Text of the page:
Learn how the PortAudio sound library is used to generate sound, which works on a variety of platforms. Discover that the sound wave is built and played back, which prevents the sound from being interactive. See how the ncurses library is used to generate text mode output on the terminal screen and also reads and responds to mouse input in text mode.
- [Instructor] The standard C Library lacks functions…for using the mouse or accessing sound hardware.…To program such features, you must venture out…into the internet, and look for a suitable library.…I might add that sound hardware is very specific,…and not the easiest thing to code.…Rather than learn how to program sound by using…an operating system's API, I chose the PortAudio Library.…Available at PortAudio.com,…the PortAudio Library bills itself as free,…cross platform, and open source,…and it's actually a great little library.…
The problem is that PortAudio is designed…to record and play sound snippets.…It doesn't support routines to generate tones,…although you can create such routines, which is what I did.…And while it has sound on and sound off functions,…you can't change the sound while it's playing.…Further, the documentation recommends that your code…not do anything serious while a sound is playing.…That's pretty limiting, but it's often what C Programmers…have to tolerate, if you're going to take…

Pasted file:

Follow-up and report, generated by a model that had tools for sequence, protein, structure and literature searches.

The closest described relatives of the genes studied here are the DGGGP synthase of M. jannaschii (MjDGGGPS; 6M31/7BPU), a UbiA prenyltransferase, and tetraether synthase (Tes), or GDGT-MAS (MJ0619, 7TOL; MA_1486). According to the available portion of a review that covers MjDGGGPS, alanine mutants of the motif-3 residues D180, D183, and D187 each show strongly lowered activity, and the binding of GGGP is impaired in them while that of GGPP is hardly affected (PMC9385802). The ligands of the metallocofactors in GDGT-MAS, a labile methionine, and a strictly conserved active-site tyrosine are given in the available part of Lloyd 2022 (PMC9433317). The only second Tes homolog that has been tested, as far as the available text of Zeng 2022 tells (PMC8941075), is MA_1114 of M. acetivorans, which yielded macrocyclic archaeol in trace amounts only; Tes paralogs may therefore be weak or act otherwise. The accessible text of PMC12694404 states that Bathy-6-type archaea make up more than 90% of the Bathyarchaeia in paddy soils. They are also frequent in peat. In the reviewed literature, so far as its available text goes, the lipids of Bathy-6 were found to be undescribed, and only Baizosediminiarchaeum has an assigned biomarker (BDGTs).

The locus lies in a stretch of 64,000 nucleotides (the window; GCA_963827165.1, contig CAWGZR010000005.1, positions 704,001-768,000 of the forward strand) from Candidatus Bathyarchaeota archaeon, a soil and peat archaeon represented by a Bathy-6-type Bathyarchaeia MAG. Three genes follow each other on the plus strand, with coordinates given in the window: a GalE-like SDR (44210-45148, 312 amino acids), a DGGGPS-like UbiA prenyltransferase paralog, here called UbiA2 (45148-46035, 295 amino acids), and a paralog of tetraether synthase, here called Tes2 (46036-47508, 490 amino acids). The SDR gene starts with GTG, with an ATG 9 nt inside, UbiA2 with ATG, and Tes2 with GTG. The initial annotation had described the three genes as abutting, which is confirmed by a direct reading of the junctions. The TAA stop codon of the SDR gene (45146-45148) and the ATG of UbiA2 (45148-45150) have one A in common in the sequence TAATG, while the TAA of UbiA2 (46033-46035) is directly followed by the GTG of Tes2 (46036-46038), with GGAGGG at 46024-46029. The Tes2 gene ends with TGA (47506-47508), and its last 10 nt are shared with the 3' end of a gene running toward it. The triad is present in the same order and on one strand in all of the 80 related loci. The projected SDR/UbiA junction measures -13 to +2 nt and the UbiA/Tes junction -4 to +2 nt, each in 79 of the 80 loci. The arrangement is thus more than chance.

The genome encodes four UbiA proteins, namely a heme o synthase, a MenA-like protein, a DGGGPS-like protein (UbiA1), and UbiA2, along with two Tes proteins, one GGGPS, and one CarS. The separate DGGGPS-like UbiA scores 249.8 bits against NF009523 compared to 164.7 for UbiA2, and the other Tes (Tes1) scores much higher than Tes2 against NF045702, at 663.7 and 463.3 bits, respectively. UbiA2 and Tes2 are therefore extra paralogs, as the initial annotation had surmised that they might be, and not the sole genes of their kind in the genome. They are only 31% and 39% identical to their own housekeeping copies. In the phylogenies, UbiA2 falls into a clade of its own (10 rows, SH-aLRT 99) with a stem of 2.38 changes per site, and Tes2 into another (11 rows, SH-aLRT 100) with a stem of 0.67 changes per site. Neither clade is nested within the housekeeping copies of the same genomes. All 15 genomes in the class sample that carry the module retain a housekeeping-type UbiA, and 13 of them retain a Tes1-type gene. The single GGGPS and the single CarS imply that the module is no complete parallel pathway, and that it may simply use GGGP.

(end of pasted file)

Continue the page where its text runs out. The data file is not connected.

Skill Level Intermediate
1. Summarize the Weather
2. Geolocation with C
3. Eight Queens with C
4. Build a Musical Instrument with C
5. Face Recognition with C
6. Web Dashboards with C
Next steps1m 2s
- Mark as unwatched
- Mark all as unwatched
Are you sure you want to mark all the videos in this course as unwatched?
This will not affect your course history, your reports, or your certificates of completion for this course.Cancel
Take notes with your new membership!
Type in the entry box, then click Enter to save your note.
1:30Press on any video thumbnail to jump immediately to the timecode shown.
Notes are saved with you account but can also be exported as plain text, MS Word, PDF, Google Doc, or Evernote.